His next act was to submit to be led (but of the spirit) into the wilderness to be tempted, to be brought directly in contact with the powers of darkness. To stand as a man alone in the presence of the ruler of the darkness of this world to be tempted. But why was he tempted? It would not make him any purer nor better surely; he was without sin already.
He came down to the condition of the perfect man; he was the second Adam. The first Adam with no preference for evil, but having no knowledge of its terrible nature, was tempted and fell, the second Adam, with no preference for evil, but with a knowledge of its awful results, and of the power of God (By his knowledge shall my righteous servant justify many. Isaiah 53:11), was as really tempted, and triumphed. He evidently was free and could have yielded; in fact, he was tempted TO yield, but gloriously resisted and vanquished his foe.
Now again we ask, why did he pass through this ordeal? To show us how to overcome. Being the Captain of our salvation, the Leader of a little band of conquerors, his example was necessary, for through them "all the families of the earth" are to be blessed. "Now to Abraham and his seed were the promises made"...and that seed "is Christ." Gal. 3:16. Now, if we "be Christ's (if we feed on him and partake of his life), then are we Abraham's seed, and heirs according to the promise." Gal. 3:29.
Then here is a choice principle for the household to feed on; the knowledge of Christ, or Christ's knowledge. But, says one, his knowledge was divine, and though he was tempted, he knew he would not be overcome. That is just the point we wish to make prominent right here. He has opened for us the way to the same source of knowledge, divine word and spirit, and Christ's example to feed on. But, says one, if I could know, as he did, that I would come out of the conflict all right I could endure it too. But you would know that just as surely as he, if you would feed on his knowledge. Here is a bit of it, take it and let it strengthen thine heart when trial comes, as it did his: "God is faithful who will not suffer you to be tempted above that you are able, but will with the temptation also make a way to escape, that ye may be able to bear it." 1 Cor. 10:13. This is divine knowledge, and just the knowledge that he had. If you believe it and appropriate it, (feed on it) you will triumph just as he did.
These portions may be summarized under the general term of God's plan for the salvation of the world. O, how it fired him with love and zeal, and by parable and figure he held it up to the view of those whom he wished to have see it.
But, says one, did he not wish to have all see it? No, not then; he only wished to have those see it who would accept the blessed truth. See Matt. 13:13,14,15, and Matt. 7:6. It was for those referred to by Paul (Acts 13:26), when he said, "Whosoever among you feareth God, to you is the word of this salvation sent." There are yet many persons whose ears are dull of hearing, and such ones would and do trample upon these pearls. This bread of life they reject. Like the Pharisees of old, publicans and harlots will enter the kingdom before them.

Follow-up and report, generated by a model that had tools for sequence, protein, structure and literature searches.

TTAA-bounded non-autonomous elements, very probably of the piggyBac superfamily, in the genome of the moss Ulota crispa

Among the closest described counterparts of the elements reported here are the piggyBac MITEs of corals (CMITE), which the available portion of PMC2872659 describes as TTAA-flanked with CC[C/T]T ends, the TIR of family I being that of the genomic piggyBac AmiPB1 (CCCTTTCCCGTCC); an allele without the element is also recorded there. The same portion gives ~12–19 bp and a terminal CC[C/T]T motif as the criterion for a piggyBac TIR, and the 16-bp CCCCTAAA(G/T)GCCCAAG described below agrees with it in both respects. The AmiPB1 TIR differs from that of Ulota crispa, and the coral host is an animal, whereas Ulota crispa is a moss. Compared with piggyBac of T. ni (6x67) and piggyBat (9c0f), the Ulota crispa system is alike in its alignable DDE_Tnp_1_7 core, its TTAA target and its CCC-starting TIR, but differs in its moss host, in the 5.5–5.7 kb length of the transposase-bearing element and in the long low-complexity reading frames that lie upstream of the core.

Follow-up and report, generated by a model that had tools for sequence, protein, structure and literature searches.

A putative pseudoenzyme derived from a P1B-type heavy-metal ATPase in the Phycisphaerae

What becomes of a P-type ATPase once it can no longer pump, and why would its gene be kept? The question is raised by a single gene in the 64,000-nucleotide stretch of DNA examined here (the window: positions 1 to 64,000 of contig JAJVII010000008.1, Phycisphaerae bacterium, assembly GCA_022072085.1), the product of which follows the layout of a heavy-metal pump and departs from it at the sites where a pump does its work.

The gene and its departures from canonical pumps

This knowledge which so supported him will so support us. Modern Pharisees would withhold from us this love-begotten plan of God; but let the faithful servant give it plentifully to the household of faith.
We said he passed through this ordeal of temptation and suffering to show us how to overcome, giving us the same facilities for overcoming, i.e., knowledge of God's will and plan, and his Spirit to give us an understanding and to support us.
But his mission was twofold, to redeem the whole human race from death by his death (the forfeit of sin), and to be the Leader of a "peculiar people" by his life, and through this "peculiar people" in the "ages to come," he is to show to the world "the exceeding riches of his grace." (Eph. 2:7.) His death for the world (including those who became heirs) entitles them all to life; the same kind of life lost in Adam; this is the "common salvation," Jude 1:3, and 1 Cor. 15:22, and his life vitalizes and raises to a high and glorious condition those who hear and believe (the little flock), those who feed on him, those who appropriate the divine which was in him, and thus are "made partakers of the divine nature." 2 Peter 1:3,4; Rom. 5:10; 2 Cor. 4:11.
We apprehend that the life of Christ by which we are saved (have life MORE abundantly) is the life principle which manifested itself in a series of loving labors and sacrifices for the good of others, that such a life taken in, lived (eaten), is the begetting (through the spirit) of a higher life—the pledge of immortality. This we understand to be "the faith once delivered to the saints." Jude 1:3. This is "the meat that endureth." Jesus said, John 4:34, "My meat is to do the will of him that sent me." That was his life, and if we partake of his life on earth, we shall be partakers of his resurrection life—made "like unto Christ's glorious body."
Then let the humility, the sufferings, the trials, the labors, and the knowledge, which, by the spirit, supported him—in short, the CHRIST be our daily food; and the faithful and wise servant will be found giving it to the household in due season, and receive the approval of his Lord.